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LinkedIn Online Resumes for High School Students Complement College Applications

December 16, 2012

Most high school seniors have now completed “off to college round one” by submitting multiple college applications. The information required for a high quality college application – from academic results to extracurricular activities and community service to paid employment – provides the baseline for a LinkedIn profile.

A LinkedIn profile provides high school students opportunity to create a positive online presence which is important with Google searches providing competitive colleges another window into prospective students. Creating a LinkedIn profile also encourages students to get in the habit of maintaining an up-to-date resume. Don’t worry about whether or not your college-bound teen has had paid work experience – community service, volunteer projects and school activities are all relevant.

According to a study of LinkedIn demographics, while 67.7% of LinkedIn users are between the ages of 25-54, “the percentage of teenagers (18-24) has grown more than other age groups”.

For those familiar with LinkedIn, the site has recently made enhancements that make LinkedIn profiles more relevant to both high school and college students. New sections include Projects, Honors and Awards, Organizations, Test Scores and Courses, in short all items a college applicant would already have summarized and at their finger tips.

After building a LinkedIn profile, students should start building a network – connecting to people they know who would act as a positive reference. That could be a manager from a summer job or internship, a teacher, a sports coach or a volunteer coordinator.

Among the items you’ll want to highlight in a teenage LinkedIn profile and traditional resume:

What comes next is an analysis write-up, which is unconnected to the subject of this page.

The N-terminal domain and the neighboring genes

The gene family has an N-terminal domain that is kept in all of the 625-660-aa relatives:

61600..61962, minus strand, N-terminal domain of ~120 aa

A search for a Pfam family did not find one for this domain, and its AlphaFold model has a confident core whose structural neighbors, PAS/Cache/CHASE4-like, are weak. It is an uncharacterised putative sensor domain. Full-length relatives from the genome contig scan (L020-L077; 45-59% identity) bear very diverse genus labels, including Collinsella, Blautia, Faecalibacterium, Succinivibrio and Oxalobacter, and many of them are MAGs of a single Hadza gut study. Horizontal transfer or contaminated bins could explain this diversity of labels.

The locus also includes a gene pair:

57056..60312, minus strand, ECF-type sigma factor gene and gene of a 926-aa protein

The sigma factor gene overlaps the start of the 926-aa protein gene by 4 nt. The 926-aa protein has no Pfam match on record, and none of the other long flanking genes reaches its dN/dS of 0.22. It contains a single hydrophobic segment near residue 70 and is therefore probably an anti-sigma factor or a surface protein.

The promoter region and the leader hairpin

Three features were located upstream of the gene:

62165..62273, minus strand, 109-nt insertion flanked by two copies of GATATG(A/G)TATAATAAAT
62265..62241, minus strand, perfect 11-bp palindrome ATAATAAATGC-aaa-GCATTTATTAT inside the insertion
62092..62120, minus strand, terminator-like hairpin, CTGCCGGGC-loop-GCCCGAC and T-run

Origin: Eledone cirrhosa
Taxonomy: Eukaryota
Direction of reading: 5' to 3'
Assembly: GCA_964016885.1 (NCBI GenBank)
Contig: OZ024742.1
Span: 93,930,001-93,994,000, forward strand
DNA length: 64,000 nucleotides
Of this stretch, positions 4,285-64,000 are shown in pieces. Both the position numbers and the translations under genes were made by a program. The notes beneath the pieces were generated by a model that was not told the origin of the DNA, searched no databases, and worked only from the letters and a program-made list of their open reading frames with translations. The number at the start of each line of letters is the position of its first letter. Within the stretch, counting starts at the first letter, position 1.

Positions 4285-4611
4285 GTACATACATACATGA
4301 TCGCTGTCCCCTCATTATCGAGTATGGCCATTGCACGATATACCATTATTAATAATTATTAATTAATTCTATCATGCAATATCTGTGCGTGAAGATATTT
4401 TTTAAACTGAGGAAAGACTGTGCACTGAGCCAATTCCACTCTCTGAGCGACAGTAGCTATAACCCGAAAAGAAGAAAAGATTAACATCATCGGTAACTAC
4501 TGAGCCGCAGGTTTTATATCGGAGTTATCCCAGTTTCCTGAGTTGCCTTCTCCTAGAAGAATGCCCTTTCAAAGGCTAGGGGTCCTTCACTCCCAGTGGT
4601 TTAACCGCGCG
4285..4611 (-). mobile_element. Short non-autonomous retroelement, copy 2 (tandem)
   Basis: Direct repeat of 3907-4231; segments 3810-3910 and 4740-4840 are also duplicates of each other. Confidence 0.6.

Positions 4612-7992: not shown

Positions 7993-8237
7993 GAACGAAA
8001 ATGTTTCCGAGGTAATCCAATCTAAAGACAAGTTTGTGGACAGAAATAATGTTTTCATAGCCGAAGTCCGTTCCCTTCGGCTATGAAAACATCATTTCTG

• A succinct statement of college and/or career goals
  • Education experience including AP / IB / advanced / honors courses taken
  • Skills and qualifications – for example, Microsoft Office (Word, PowerPoint, Excel), social networking,public speaking, written communication, etc.
  • Academic enrichment (summer programs)
  • Academic awards and recognition
  • Athletic, visual and performing arts and extracurricular activities, awards and leadership positions
  • Work, volunteer and/or community service experience
  • If you include a photo (recommended), have a photo taken reflecting what you’d look like going into a job interview

Make sure that everything in your new LinkedIn profile is accurate and consistent with your college applications, and just like your college applications everything must be 100% truthful. The former CEO of Yahoo left the company after it was discovered his resume was not entirely accurate (read more…)

Now that you have a LinkedIn presence, start building your LinkedIn network (the ultimate benefit of LinkedIn) by reaching out to contacts related to your profile (note: only people with LinkedIn profiles can connect to your profile).

Equally important is locking down (or removing) online information you don’t want college recruiters to see – that means cleaning up and checking the privacy settings of social networking presences like Facebook, Twitter and Instagram (read more…)

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  1. Arzu permalink
    December 18, 2012 3:05 pm

    This is a very valuable information. Although I’ve been a LinkedIn user, I didn’t think of mentioning it to my son. I will now:) Thank you!


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